Wednesday, March 2, 2011
Since some time last December, I am happily reading slush for Niteblade Magazine. I only ever see stories, so my poetry slush experience is still non existent. I got to do some more reading as a first reader for the Odd Contest; that was really rewarding.
What I like most about slush reading is the sort of talent you get to see, people who you can tell are only just starting out with arranging words right there on that scary, empty white page, and those who show you so little when you want to see so much more of that writing.
Allow me to tell you what will get favorable attention, at least from this set of eyes.
See, there is this totally obvious, seemingly no-brainer: read the guidelines. Even if you disagree with them, stick to them. Just sayin'. I mean, if you managed to write this awesome, awesome piece of dark delight, you can go the whole nine and format it correctly, right? Please, do.
Also, if you do sent something to a certain magazine, make sure it fits. For example, Niteblade stories need an element of fantasy or horror. Your story can be fabulous, but without horror or fantasy, at least for Niteblade, you'll unfortunately not get an acceptance, instead you'll spend time waiting for a rejection slip.
A hook is a really good idea. Not that I myself always get that one right, but you want something at the beginning of your story that makes sure your reader cannot stop until it's all over. It has to be something shiny, for who among us does not share the magpie's like for shiny things, or something sensuously dark that likewise will make you want more.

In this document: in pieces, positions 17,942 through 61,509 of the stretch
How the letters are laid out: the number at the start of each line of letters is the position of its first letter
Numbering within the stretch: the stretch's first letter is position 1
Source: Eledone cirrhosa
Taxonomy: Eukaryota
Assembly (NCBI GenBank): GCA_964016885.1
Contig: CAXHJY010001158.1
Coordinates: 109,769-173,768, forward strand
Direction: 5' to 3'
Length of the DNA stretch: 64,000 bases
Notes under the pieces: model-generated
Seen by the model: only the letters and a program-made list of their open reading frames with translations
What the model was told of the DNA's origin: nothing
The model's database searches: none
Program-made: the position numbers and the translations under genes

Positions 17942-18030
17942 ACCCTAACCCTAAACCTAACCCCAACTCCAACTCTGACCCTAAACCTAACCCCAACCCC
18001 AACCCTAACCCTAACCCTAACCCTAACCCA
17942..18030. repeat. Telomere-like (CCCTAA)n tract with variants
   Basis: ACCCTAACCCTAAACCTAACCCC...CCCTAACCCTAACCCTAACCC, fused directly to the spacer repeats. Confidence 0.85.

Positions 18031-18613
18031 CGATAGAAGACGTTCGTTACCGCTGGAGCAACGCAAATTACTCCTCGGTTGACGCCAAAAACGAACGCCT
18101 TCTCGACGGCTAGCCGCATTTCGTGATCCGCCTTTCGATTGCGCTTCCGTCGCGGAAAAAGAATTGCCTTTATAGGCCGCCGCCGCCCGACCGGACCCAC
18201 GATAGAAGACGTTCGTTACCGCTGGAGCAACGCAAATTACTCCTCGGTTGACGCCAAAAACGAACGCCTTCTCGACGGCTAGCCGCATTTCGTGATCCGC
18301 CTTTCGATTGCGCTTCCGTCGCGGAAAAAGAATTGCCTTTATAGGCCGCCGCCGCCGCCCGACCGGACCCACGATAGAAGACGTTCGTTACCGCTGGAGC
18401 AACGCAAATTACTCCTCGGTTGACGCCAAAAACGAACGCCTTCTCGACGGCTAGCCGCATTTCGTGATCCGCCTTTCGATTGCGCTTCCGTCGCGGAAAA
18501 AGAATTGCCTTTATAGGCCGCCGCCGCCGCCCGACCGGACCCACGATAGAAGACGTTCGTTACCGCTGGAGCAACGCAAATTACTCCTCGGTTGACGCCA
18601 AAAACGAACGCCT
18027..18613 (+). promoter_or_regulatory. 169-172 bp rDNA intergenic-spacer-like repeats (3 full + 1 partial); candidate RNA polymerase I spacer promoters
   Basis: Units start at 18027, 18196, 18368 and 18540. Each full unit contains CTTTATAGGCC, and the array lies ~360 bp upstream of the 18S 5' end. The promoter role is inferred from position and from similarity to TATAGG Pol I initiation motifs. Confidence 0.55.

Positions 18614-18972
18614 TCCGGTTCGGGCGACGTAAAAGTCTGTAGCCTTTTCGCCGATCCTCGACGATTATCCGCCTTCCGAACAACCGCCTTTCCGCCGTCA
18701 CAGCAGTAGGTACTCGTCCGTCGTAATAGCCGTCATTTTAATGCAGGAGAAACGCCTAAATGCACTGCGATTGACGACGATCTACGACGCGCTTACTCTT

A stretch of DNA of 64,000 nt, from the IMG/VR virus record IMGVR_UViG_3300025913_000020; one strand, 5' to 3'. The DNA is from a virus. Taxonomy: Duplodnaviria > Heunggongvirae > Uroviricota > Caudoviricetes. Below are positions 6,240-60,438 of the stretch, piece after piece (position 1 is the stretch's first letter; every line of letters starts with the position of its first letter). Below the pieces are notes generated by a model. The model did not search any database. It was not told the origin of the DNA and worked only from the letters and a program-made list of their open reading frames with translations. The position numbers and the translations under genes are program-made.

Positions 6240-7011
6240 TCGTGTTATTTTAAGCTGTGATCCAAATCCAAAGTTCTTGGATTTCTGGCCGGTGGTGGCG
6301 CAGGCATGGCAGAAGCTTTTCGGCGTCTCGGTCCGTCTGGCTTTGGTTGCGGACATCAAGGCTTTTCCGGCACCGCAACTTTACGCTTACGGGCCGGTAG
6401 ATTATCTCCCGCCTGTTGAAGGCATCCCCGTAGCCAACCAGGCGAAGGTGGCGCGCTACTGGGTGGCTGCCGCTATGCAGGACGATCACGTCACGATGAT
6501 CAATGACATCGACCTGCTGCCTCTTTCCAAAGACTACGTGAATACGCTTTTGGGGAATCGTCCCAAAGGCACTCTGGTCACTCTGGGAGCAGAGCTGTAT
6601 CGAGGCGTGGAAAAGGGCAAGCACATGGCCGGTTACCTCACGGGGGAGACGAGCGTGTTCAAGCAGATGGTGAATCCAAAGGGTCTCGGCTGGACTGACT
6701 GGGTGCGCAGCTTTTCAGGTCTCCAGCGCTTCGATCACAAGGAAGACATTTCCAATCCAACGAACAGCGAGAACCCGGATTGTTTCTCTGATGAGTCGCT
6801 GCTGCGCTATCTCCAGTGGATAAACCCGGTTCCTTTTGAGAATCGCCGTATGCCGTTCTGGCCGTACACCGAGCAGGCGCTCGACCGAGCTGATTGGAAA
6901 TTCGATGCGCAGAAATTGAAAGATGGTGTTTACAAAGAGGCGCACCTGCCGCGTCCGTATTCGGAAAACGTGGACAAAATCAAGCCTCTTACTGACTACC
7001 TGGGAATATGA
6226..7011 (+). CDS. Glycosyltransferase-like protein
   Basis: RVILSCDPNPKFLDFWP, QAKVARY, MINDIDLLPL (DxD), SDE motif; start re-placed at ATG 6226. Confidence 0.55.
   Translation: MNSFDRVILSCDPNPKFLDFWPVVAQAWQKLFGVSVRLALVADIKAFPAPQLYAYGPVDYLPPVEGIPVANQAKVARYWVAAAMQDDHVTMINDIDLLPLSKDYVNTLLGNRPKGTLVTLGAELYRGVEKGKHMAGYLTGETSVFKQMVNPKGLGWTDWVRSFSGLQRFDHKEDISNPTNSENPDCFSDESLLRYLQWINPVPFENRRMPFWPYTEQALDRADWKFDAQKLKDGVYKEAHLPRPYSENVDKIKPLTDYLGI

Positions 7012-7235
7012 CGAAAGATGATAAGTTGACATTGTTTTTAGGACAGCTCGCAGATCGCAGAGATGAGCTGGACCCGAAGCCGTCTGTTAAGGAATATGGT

I like conflict in a story. By this I suppose I mean a certain conflict that is resolved in a satisfying manner. Aristotle called it catharsis, the feeling of cleansing. I do not mean to say that I want to feel like I need to take a shower after I read a story, mind you!
This leaves me with The End. Yes, how a story ends matters to me. Even if the writing so far was great, a story will lose all its appeal if somehow I get the feeling that something is missing, that not all questions were answered, that I am left wanting. Keep your reader satisfied.
Of course, after you wrote the Perfect Story, proofread it. Properly.
And then, there is zombies. Now, I don't have anything against zombies as such. But zombies are a bit like vampires: you can only stand so much of them and as the genre has been explored a lot already, the part that you actually want to see had better be damn good. This is doubly true for zombie apocalypse. Yet, this story is a great example for a well thought out, well executed zombie apocalypse tale. I love this piece.
See, it's the badly written zombies that I fear...